Okay…Doc was not a quack.  And right.

And so I paid closer attention—how was his breathing?  No problems?  No problems.  Phew!

So, what did we do?

We had to wash his face and hands with soap and water, give him a dose of an allergy medicine to help with the welting/swelling, and then teach my son to not let little adorable puppies lick him all over his face.


You see—what kid DOESN’T love a dog?  All kids love dogs!  (okay—most).

My son loves his dogs.  He thinks that they are the cat’s meow 😉  Seriously—he thinks they are the best inventions next to potato chips (which, if they are salt only, he can eat).

And, since they do not cause him any breathing problems, we have had to work with our son over the years, since finding out about his allergy, that he can love dogs…he can love on dogs…but he needs to not let them lick him.  He needs to not rub his eyes after touching them.  And he needs to no let them sit on him/or his chair.

On top of all of that, we have had to leave our dogs mostly outside, and we also, when they are inside, have taught them that they have a corner.  It’s not an option…It’s a must.

When I notice him rubbing his eyes slightly more than normal or sneezing a bit out of the ordinary, I realize the dogs have snuck out of their corner and into his realm of the world.  Where I then have to vacuum and clean his chair (where he sits in the living room) and admonish the pups to their corners again.

Okay, just kidding…they don’t get admonished—but they are retrained to stay out/off of the living room furniture and carpet.

It’s hard to take man’s best friend away from man—but, when you are allergic to said best friend, you do have to find ways to keep that best friend AND your child healthy at the same time.

It is possible—as long as there are not breathing problems that go along with it—to do.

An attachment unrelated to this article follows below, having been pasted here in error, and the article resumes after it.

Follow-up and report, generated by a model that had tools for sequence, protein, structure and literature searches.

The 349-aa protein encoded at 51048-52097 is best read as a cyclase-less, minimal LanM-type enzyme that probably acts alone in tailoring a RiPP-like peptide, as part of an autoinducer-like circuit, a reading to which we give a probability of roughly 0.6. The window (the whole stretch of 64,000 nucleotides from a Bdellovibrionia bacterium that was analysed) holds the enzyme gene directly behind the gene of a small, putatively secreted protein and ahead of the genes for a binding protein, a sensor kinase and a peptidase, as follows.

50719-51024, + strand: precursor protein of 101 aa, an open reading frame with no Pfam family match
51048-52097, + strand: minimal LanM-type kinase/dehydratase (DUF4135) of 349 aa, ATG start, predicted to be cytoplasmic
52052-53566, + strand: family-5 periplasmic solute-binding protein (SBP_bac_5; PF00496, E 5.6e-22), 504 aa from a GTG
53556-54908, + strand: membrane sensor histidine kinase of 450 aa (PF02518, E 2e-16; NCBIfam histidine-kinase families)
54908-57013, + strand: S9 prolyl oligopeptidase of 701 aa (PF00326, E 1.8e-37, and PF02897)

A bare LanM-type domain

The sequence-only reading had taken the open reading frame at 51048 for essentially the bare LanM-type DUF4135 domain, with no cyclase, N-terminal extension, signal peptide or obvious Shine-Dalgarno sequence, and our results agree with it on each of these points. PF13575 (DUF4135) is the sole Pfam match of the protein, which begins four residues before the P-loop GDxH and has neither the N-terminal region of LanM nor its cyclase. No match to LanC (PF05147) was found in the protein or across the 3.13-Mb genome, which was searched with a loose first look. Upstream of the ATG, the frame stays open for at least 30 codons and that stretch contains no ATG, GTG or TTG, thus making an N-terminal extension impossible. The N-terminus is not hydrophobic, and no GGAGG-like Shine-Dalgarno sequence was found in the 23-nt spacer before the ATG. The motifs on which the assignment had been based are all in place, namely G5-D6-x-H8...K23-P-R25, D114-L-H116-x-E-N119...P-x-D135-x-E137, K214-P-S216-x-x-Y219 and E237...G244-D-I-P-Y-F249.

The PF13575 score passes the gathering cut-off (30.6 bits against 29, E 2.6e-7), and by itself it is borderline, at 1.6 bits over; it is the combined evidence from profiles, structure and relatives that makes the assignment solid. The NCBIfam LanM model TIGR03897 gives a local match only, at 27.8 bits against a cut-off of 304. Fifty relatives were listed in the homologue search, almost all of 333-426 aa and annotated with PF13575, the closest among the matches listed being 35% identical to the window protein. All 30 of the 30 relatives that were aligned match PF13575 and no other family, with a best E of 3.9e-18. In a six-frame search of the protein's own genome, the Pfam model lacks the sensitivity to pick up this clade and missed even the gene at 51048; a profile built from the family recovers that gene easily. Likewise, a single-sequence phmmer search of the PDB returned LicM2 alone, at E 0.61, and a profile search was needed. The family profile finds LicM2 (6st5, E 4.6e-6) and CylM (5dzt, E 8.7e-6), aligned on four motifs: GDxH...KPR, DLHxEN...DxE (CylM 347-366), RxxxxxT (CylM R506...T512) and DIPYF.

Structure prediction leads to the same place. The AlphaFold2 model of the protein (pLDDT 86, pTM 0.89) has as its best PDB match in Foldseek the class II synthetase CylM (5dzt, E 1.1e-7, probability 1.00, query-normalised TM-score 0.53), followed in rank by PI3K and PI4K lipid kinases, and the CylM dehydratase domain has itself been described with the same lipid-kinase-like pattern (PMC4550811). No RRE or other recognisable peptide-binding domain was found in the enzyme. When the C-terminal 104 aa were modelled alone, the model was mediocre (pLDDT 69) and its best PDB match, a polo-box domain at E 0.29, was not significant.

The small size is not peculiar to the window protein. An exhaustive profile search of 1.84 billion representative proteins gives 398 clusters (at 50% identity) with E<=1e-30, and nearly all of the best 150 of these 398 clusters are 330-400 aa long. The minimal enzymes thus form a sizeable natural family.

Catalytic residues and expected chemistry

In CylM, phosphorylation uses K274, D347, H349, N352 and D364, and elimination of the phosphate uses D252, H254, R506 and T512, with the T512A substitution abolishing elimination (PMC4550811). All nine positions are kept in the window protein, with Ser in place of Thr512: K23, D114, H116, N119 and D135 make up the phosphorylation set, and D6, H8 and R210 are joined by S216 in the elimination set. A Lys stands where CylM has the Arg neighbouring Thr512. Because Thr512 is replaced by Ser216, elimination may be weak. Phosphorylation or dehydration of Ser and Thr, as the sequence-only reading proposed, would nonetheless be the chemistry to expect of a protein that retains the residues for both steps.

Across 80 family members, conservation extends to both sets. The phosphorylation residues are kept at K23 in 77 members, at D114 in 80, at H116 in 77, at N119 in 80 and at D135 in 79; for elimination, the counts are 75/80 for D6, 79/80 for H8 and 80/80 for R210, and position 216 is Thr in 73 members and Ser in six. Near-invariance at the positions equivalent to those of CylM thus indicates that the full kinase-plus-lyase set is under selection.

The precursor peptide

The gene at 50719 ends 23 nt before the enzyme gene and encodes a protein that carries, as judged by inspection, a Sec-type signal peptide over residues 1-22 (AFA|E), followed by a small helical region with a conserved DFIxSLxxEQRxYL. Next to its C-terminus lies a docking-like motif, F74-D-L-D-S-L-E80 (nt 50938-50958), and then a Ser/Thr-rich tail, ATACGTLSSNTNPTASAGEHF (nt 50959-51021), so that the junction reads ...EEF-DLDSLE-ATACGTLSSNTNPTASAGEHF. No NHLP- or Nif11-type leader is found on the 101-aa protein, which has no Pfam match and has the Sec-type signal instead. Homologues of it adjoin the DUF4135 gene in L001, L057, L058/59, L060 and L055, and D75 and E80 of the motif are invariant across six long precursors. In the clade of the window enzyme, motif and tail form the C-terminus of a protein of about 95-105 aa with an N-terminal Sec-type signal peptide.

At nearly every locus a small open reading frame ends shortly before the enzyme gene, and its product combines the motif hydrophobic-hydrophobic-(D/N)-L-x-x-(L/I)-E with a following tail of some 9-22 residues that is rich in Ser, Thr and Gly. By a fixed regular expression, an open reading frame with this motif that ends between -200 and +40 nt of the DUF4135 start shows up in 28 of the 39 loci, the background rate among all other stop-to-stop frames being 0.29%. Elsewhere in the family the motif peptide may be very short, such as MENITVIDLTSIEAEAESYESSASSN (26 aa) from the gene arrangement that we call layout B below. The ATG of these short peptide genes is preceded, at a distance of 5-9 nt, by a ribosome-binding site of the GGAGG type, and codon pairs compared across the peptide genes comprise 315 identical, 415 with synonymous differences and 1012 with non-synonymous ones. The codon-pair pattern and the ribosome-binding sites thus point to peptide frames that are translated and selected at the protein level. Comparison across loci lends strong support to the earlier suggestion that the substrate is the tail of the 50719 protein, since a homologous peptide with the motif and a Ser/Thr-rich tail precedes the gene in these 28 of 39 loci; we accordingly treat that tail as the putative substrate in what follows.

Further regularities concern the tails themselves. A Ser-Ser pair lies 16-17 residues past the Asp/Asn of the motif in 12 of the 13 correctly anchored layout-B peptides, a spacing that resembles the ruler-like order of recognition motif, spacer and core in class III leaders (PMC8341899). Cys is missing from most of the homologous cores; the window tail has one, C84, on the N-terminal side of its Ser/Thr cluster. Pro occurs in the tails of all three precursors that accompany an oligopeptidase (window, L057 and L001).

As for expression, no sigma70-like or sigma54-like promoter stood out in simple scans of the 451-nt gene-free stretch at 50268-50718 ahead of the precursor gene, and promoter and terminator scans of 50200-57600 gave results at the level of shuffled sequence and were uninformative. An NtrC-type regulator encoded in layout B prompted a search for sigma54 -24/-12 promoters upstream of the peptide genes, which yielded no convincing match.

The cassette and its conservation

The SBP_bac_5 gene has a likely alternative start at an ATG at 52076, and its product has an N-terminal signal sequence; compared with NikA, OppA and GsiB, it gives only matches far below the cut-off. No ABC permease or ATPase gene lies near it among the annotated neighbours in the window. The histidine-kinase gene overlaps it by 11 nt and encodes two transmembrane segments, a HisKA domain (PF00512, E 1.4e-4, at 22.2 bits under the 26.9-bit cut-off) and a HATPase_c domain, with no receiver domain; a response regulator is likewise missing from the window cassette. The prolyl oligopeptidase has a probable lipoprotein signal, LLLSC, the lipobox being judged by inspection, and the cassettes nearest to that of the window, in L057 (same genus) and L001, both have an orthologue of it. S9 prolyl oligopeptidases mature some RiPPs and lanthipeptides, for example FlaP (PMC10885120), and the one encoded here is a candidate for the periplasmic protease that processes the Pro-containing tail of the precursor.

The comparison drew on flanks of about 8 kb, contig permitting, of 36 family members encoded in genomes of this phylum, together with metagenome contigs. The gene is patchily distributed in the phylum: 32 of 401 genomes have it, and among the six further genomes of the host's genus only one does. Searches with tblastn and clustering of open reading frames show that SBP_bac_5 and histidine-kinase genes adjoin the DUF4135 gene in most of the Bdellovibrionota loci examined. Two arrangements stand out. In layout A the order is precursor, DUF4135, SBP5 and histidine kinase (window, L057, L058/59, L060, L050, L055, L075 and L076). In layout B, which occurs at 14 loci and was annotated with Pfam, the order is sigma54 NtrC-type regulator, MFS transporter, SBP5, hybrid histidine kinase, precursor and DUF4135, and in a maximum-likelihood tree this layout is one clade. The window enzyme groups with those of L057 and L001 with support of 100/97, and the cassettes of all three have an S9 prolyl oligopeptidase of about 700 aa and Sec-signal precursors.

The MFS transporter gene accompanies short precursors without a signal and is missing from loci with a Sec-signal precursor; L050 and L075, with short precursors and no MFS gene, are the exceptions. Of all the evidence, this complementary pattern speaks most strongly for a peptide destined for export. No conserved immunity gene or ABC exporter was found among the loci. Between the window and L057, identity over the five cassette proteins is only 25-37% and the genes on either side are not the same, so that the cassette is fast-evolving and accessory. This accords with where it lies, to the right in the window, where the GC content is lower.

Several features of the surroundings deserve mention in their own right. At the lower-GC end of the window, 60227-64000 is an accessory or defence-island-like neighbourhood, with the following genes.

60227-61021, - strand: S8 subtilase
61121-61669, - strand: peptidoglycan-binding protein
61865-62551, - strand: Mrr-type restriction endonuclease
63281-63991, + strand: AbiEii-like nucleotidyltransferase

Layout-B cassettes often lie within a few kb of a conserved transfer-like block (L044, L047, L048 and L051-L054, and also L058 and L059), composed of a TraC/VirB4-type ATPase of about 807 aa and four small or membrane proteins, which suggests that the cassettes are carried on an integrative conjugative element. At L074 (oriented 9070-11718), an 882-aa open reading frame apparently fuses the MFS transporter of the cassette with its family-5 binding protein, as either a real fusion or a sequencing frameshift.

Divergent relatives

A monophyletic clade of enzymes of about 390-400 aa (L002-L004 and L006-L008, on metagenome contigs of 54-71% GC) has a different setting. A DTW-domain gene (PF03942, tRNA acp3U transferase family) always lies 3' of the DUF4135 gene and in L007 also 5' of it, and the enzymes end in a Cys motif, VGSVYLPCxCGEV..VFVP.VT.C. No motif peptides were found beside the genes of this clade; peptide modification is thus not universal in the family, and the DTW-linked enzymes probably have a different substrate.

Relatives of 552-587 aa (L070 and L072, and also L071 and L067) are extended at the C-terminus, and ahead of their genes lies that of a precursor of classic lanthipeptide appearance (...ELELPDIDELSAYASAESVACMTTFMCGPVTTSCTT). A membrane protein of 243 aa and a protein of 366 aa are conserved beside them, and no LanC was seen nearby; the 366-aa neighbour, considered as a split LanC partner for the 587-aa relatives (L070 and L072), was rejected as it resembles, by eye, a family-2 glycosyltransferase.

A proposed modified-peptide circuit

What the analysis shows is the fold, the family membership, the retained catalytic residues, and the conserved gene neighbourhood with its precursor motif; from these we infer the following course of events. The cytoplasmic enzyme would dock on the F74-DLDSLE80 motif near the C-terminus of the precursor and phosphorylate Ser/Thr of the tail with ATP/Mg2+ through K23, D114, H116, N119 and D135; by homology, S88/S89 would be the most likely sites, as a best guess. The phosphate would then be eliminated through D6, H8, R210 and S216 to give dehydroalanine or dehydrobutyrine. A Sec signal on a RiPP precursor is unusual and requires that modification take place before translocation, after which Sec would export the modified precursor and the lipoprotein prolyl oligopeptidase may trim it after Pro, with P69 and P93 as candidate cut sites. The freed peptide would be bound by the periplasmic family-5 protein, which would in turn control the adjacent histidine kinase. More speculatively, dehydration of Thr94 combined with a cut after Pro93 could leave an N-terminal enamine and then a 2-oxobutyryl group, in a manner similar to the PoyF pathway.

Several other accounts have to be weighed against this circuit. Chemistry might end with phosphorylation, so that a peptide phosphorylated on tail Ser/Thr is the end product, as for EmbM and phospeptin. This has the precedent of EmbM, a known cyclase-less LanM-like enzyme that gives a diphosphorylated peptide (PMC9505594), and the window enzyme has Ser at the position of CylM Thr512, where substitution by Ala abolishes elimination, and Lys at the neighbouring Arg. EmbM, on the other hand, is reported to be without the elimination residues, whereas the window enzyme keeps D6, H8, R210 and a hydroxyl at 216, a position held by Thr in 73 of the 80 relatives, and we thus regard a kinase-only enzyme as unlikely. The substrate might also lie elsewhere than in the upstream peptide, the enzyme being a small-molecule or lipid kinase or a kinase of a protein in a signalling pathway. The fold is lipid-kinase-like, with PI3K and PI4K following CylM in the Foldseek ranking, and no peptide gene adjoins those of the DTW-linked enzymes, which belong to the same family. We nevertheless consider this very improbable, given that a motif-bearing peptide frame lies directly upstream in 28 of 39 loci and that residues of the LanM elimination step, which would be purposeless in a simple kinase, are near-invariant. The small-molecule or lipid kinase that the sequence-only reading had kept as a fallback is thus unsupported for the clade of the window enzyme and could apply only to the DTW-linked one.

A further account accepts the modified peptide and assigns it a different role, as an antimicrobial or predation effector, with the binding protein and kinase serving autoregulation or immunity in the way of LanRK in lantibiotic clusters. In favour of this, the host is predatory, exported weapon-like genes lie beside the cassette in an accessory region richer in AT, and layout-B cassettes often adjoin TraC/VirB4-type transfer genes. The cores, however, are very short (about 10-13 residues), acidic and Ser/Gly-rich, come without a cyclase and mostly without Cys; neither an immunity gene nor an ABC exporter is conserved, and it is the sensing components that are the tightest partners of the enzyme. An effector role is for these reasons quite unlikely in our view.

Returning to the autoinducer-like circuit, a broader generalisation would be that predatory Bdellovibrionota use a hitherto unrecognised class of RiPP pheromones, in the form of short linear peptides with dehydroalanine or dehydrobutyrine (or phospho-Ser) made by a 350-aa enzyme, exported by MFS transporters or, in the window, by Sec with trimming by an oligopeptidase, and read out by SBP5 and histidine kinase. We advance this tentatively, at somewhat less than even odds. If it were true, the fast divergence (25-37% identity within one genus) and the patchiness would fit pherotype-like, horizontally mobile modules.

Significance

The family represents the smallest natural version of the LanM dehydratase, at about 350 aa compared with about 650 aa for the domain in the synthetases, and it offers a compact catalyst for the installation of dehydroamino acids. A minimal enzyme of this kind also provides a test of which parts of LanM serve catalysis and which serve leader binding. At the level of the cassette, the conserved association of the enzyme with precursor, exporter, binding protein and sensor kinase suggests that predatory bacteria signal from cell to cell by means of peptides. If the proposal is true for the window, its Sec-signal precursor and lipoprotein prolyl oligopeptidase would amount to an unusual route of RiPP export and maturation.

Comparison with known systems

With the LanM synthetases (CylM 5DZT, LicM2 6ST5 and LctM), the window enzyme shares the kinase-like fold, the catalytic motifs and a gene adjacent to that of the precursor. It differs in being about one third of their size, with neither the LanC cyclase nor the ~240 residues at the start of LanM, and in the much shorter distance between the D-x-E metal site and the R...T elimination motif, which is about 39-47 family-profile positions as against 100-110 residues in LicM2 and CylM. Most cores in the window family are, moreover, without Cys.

And, so, we get to keep our pets — even with our Allergy Kid Max!

Max looking through my wedding pictures stumbles upon our cake…

“Mommy!  Look what Daddy is feeding you?”

“Yes, Maxie…Cake.”

“Owie cake, Mommy?”

You see, in the allergy-world of life-threatening allergies, every food item becomes a life-or-death situation to our Max.  Because that is how life is.  Life or Death depending on what he puts in his mouth.

And you should have seen his reaction when I answered him, “No, Maxie…That was not owie cake.  Maxie could eat that cake.”

His hands went up in the air and he yelled, “Wahoo!  Cake for Me!”

I know Max will never take a bite of my wedding cake—we’re 15 years past that.  But what I saw was joy in my son’s eyes that for once, one delicious moment, my son could eat something special that the rest of us were eating, too.

It brought me the normal Max-conundrum of joy and sorrow.

But mostly joy.

Like his smile!

Premature and Food Allergies???

My son was born 8 hours into my 35th week—which in itself is a miracle.  I started having contractions around 17 weeks.  At 22 weeks, I was just praying that I would make 25 weeks.  At 29 weeks, I was receiving medicine to stall contractions.  And, at 34 weeks, I finished my time in the hospital until my water broke and he rushed out.